7 science technology and innovation policy II Whereas before WW II public support for health R&D had been modest, after it boomed to unprecedented levels  great prosperity, particularly for major US companies  Structural factors shaped the industry  high research opportunities  but very little knowledge of “mechanism of action” ➲ random screening for potential therapeutic activity Publicly funded research was important mostly as a source of knowledge about the cause of the disease By early seventies, advances in physiology, pharmacology, cell biology and enzymology led to important progress in understanding the drug’s mechanism of action ➲ “guided discovery” The golden age (1950 – 1990)

8 science technology and innovation policy II The golden age (1950 – 1990)  Adoption of these techniques by a firm depended on:  ability to take advantage of publicly generated knowledge  economies of scope within the firm smaller firms, those farther away from research centres, and the most successful in the old techniques were slower ➲ importance of organizational capabilities  Geographical variation  large US, UK and Swiss firms were pioneers  European and Japanese firms were slow ➲ importance of institutional framework

9 science technology and innovation policy II Structure 1.Introduction 2.Historical Background  Early history  The golden age 1950 – 1990  Institutional Environments 3.The revolution in biological sciences  Biotechnology as process technology  Biotechnology as a research tool  The discovery of biotechnology based drugs 4.Patterns of industry evolution  United States  Europe and Japan 5.National systems of innovation  The evolution of biotechnology  The use of molecular biology as a research tool 6.Conclusion

10 science technology and innovation policy II Organizational capabilities  random screening was nothing but random  tacit knowledge  internal organizational capabilities ➲ high appropriability  economies of scale (massive screening) ➲ no new entry  guided discovery  increased importance of publicly generated knowledge, decreased importance of scale  but increased returns to scope  competencies in the management of large scale clinical trials, process of regulatory approval, marketing and distribuition ➲ powerful barriers to entry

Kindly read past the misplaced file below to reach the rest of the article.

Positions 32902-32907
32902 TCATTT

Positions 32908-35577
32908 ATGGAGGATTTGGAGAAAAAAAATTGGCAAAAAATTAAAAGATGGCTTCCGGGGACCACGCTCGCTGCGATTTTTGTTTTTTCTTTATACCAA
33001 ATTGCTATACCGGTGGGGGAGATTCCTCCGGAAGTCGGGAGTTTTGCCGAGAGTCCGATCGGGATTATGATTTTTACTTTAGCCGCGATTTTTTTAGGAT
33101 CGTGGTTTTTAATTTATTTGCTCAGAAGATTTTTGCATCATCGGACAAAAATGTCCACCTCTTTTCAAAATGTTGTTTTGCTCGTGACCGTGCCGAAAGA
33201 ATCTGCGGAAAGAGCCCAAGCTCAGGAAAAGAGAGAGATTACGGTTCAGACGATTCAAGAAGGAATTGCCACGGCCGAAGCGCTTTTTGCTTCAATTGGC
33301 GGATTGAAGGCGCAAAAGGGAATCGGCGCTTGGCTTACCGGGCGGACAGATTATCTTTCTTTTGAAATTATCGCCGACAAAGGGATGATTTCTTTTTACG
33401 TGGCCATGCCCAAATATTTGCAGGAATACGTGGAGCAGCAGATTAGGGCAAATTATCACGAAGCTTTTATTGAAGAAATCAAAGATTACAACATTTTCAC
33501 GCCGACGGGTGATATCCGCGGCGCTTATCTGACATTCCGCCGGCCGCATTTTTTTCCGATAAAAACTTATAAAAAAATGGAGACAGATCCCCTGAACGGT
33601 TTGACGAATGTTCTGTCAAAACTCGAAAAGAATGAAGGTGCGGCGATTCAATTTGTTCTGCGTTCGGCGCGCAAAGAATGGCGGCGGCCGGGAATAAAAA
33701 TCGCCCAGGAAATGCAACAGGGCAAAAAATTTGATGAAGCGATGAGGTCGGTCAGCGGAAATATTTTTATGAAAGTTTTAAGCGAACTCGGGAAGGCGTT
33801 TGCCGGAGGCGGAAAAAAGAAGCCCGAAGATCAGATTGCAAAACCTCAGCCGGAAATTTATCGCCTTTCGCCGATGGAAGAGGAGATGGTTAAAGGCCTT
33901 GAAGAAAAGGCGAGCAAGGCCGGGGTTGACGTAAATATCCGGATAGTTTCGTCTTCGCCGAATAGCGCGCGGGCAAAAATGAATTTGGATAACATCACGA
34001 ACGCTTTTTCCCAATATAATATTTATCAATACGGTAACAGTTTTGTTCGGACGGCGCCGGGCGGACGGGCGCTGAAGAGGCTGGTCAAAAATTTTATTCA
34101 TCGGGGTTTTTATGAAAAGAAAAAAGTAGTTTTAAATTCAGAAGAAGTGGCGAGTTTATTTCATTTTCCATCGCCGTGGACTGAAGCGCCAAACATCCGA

11 science technology and innovation policy II Institutional factors (1990 on)  US: second largest area of public R&D investment; rate of increase of federal spending is slowing, but it is still 50% of total  Europe: public spending on health R&D has also increased after WW II, but total spending did not approach US level  UK did not invest as much as Germany or France ➲ what other factors?  integration of science in medical practice  funding: medical schools (UK) vs research centres (Fr & G)  importance of Science in the medical carrier: research (UK, US) vs practice (F & G); training & education;  independence between schools and hospitals: schools can give clear priority to research goals (UK & US) Public support for health research

12 science technology and innovation policy II Institutional factors (1990 on) historically, pharmaceutical industry has been one of the few in which patents provide solid protection scope and efficacy of patent varies across countries  US and Europe: strong patent protection  Japan and Italy: patents protect processes not products ➲ tend to invest more in finding new processes for making existing molecules Intellectual property protection